I thought the horses were one sided...now I think it's me!
 
 

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I thought the horses were one sided...now I think it's me!

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  • Legwork when horseriding
  • Thought for horse riding

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  • 2 Post By Deschutes

 
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    01-16-2013, 05:57 PM
  #1
Weanling
I thought the horses were one sided...now I think it's me!

I've been riding my current part loan since around September, and I love him to bits. I've learnt through riding him that he feels much stronger on the left rein, and feels unbalanced on the right.
So I decided to google "horse unbalanced on right rein"
A horse forum topic came up. It was mine from a year ago about my old loan
Could it be a coincidence that these horses are both weak on the right rein? Or is it more likely me? I've asked the owner and she said he is unbalanced on one rein so I'm free to school away to rectify it. (I'm planning spiraling circle work to start with).
However I was wondering if anyone had any exercises I could do to get me more balanced in the saddle. My friend took a picture of me riding bareback a few months ago, and my right leg is considerably longer. Could this be more weight in one seatbone, affecting the horse? My back looks straight though so I'm not so sure...
When riding with a saddle and stirrups, I find my left leg is stronger, and I'm able to keep my heel down better with a better lower leg position.

Sorry if the image is too big!
     
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    01-16-2013, 06:08 PM
  #2
Yearling
Your right leg isn't "considerably" longer. It looks like it would in a normal walking gait. Just like how when you walk, your hips "drop" same with like how a horse moves.

Bareback work has done incredible help for my balance. For leg work, I had a really hard time. It used to be said I need a thigh master just to get my legs to be reasonably strong for riding! But the more I ride the better my legs work because I am doing leg work.

I would work on going on and off the rail using just leg work. It gets tiring after a while, but so worth it.

One thing that I swear is like a masochist's dream, is flexing the head inward, and spiling in and out slowly. You don't want the neck straight, but you don't want it super exaggerated. You kinda want the body in a "c" shape almost. After a while of doing this, your knees will scream murder.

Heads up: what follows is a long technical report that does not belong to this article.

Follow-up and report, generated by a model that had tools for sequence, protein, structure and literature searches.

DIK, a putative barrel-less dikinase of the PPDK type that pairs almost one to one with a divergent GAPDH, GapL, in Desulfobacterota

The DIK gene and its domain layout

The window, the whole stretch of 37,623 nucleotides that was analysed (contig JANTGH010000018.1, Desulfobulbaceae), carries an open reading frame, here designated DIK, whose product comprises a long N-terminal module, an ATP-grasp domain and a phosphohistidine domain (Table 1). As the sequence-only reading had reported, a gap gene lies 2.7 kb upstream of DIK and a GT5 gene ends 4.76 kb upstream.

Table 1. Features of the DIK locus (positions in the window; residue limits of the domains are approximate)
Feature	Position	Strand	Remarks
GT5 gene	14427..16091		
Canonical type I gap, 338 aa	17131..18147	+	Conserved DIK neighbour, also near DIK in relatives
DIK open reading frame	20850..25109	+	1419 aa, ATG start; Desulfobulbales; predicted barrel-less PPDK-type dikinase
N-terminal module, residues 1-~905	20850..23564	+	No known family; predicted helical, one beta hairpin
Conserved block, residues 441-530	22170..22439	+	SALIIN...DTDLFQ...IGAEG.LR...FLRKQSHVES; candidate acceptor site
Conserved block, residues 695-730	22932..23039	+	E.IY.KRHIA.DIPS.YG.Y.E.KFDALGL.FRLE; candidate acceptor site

01-16-2013, 06:20 PM
  #3
Weanling
Quote:
Originally Posted by Deschutes    
Your right leg isn't "considerably" longer. It looks like it would in a normal walking gait. Just like how when you walk, your hips "drop" same with like how a horse moves.

Bareback work has done incredible help for my balance. For leg work, I had a really hard time. It used to be said I need a thigh master just to get my legs to be reasonably strong for riding! But the more I ride the better my legs work because I am doing leg work.

I would work on going on and off the rail using just leg work. It gets tiring after a while, but so worth it.

One thing that I swear is like a masochist's dream, is flexing the head inward, and spiling in and out slowly. You don't want the neck straight, but you don't want it super exaggerated. You kinda want the body in a "c" shape almost. After a while of doing this, your knees will scream murder.
Oh, it wasn't just in that picture that my right leg was longer, it was in every picture!
Sorry, I don't understand what you mean by spiling. Could you explain some more? :)
     
    01-16-2013, 10:43 PM
  #4
Green Broke
You may be onto something. It's not unheard of for a person to be stronger on one side than the other.

Personally, I'd get check out by a chiro to see if your pelvis and spine are in good alignment first.

Regardless of how that goes, you can do exercises to strengthen and balance your muscles. Here, we have really good staff at the local YMCA. If you don't want to go that route even a video from your library on pilates or yoga may do it.
     
    01-16-2013, 10:54 PM
  #5
Started
Most horses, and most people, are stronger on one rein than the other, and it can become a vicious circle - if you are riding unevenly to correct a fault in a horse, you will end up training your muscles unevenly, and so the next horse you get on will feel you riding asymmetrically.... and so on.

So, yes, it is likely that both you and the horse are in some way uneven, and you may, or may not be making it worse in your riding.

Bareback, or without stirrups will help you. Also riding without reins - see where your weight guides the horse to. See if you can find a really good flatwork instructor to have a lesson with and ask him or her to get on your horse and identify to you where they consider his balance and strengths to be.
     
    01-16-2013, 11:54 PM
  #6
Yearling
Oh! I meant spiraling! My bad.

To me in the picture it seemed to correlate that the horses hip was dropped normally like it would for normal walking.

I have bad hips myself from accidents not related to horses, so I can relate. But as I did leg work, I felt a lot stronger in my legs and don't feel like I'm favoring any more.
     

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